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|Purity:||99.9% , 99.999%, 99.9995%||MF:||N2O|
|CAS No.:||10024-97-2||Molar Mass:||44.013 G/mol|
|EINECS No.:||233-032-0||Density:||1.977 G/L|
|Vapor Pressure:||5150 KPa (20 °C)||Refractive Index:||1.000516|
Pharmaceutical Grade Laughing Gas N2O, Food Grade Laughing Gas Nitrous Oxide, Industrial Grade Laughing Gas
Nitrous oxide can also be used in a monopropellant rocket. In the presence of a heated catalyst, N2O will decompose exothermically into nitrogen and oxygen, at a temperature of approximately 1,070 °F (577 °C). Because of the large heat release, the catalytic action rapidly becomes secondary as thermal autodecomposition becomes dominant. In a vacuum thruster, this can provide a monopropellant specific impulse of as much as 180 s. While noticeably less than the Isp available from hydrazine thrusters (monopropellant or bipropellant with dinitrogen tetroxide), the decreased toxicity makes nitrous oxide an option worth investigating.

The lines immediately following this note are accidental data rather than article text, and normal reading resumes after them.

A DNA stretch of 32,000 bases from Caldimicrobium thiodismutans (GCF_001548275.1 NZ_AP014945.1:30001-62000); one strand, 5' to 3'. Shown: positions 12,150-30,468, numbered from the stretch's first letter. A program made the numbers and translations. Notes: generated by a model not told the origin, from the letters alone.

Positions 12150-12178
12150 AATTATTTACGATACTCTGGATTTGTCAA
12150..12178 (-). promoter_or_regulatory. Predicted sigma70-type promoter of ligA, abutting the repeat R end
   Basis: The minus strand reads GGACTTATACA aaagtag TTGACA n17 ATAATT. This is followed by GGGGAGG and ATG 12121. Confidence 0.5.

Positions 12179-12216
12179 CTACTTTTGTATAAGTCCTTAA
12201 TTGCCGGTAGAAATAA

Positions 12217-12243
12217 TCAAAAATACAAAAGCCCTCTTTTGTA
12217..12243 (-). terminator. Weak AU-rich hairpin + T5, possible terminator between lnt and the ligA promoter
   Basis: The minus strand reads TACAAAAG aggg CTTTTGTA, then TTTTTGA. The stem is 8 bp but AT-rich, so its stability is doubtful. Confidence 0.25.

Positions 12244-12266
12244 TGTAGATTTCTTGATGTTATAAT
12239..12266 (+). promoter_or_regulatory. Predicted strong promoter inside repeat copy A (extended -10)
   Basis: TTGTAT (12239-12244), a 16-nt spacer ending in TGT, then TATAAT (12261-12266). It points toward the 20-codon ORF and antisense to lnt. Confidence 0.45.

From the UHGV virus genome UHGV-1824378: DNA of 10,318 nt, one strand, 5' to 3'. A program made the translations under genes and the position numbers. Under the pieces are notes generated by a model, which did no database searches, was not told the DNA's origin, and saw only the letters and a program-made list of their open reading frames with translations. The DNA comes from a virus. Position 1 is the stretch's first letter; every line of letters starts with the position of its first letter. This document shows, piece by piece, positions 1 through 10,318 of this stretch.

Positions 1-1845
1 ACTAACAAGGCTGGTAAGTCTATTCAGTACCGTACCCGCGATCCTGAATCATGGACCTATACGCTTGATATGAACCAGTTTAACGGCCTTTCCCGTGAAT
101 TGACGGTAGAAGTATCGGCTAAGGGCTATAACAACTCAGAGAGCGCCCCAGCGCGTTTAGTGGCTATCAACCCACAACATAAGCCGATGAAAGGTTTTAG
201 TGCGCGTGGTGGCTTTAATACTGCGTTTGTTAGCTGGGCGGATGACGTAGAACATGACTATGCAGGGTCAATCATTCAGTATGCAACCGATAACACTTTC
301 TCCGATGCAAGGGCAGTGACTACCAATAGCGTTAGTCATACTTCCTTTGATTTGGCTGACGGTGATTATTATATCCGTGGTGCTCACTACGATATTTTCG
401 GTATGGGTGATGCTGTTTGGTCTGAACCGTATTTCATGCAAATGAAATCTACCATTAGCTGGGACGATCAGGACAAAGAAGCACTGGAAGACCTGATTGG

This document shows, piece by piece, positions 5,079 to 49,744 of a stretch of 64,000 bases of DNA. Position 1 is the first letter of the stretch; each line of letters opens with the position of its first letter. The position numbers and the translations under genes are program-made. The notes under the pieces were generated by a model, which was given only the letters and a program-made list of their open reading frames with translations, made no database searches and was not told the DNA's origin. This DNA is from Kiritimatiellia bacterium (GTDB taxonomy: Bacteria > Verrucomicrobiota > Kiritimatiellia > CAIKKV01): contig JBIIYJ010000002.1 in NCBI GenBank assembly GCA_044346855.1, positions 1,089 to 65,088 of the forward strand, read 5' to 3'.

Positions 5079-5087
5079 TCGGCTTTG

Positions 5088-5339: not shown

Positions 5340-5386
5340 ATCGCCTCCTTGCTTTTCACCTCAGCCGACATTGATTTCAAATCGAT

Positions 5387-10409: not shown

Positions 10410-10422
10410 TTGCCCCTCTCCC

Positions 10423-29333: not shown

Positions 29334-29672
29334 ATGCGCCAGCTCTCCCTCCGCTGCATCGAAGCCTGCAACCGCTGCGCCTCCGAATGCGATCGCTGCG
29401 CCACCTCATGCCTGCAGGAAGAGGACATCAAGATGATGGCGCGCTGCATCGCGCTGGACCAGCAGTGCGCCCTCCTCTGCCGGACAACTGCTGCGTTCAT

Nitrous oxide is said to deflagrate somewhere around 600 °C (1,112 °F) at a pressure of 21 atmospheres. At 600 psi for example, the required ignition energy is only 6 joules, whereas N2O at 130 psi a 2500-joule ignition energy input is insufficient.
1. Physical properties
|Hazardous class for transort||2.2|
2. Typical technical data (COA)
|Item||Pure N2O||High purity N2O|
|nitrogen||<=10 ppm||<=5 ppm|
|Oxygen and Argon||<=2 ppm||<=1 ppm|
|Total Hydrocarbons (as CH4)||<=1 ppm||<=1 ppm|
|Carbon Monoxide||<=1 ppm||<=1 ppm|
|Carbon Dioxide||<=2 ppm||<=1 ppm|
|Moisture||<=3 ppm||<=1 ppm|
|Ammonia||<=1 ppm||<=0.5 ppm|
|Nitric Oxide||<=1 ppm||<=0.5 ppm|
|Nitrogen Dioxide||<=1 ppm||<=0.5 ppm|
|40ltr||25kgs||CGA 326||According to the valve type|
|43ltr||25kgs||CGA 326||According to the valve type|
|Other sizes and standards also available|
Nitrous oxide can be used as an oxidizer in a rocket motor.
It is also used as an oxidizer in rocketry and in motor racing to increase the
power output of engines.
It is approved for use as a food additive (also known as E942), specifically as
an aerosol spray propellant.
It is used in surgery and dentistry for its anesthetic and analgesic effects.
It is known as "laughing gas" due to the euphoric effects of inhaling it, a
property that has led to its recreational use as a dissociative anesthetic.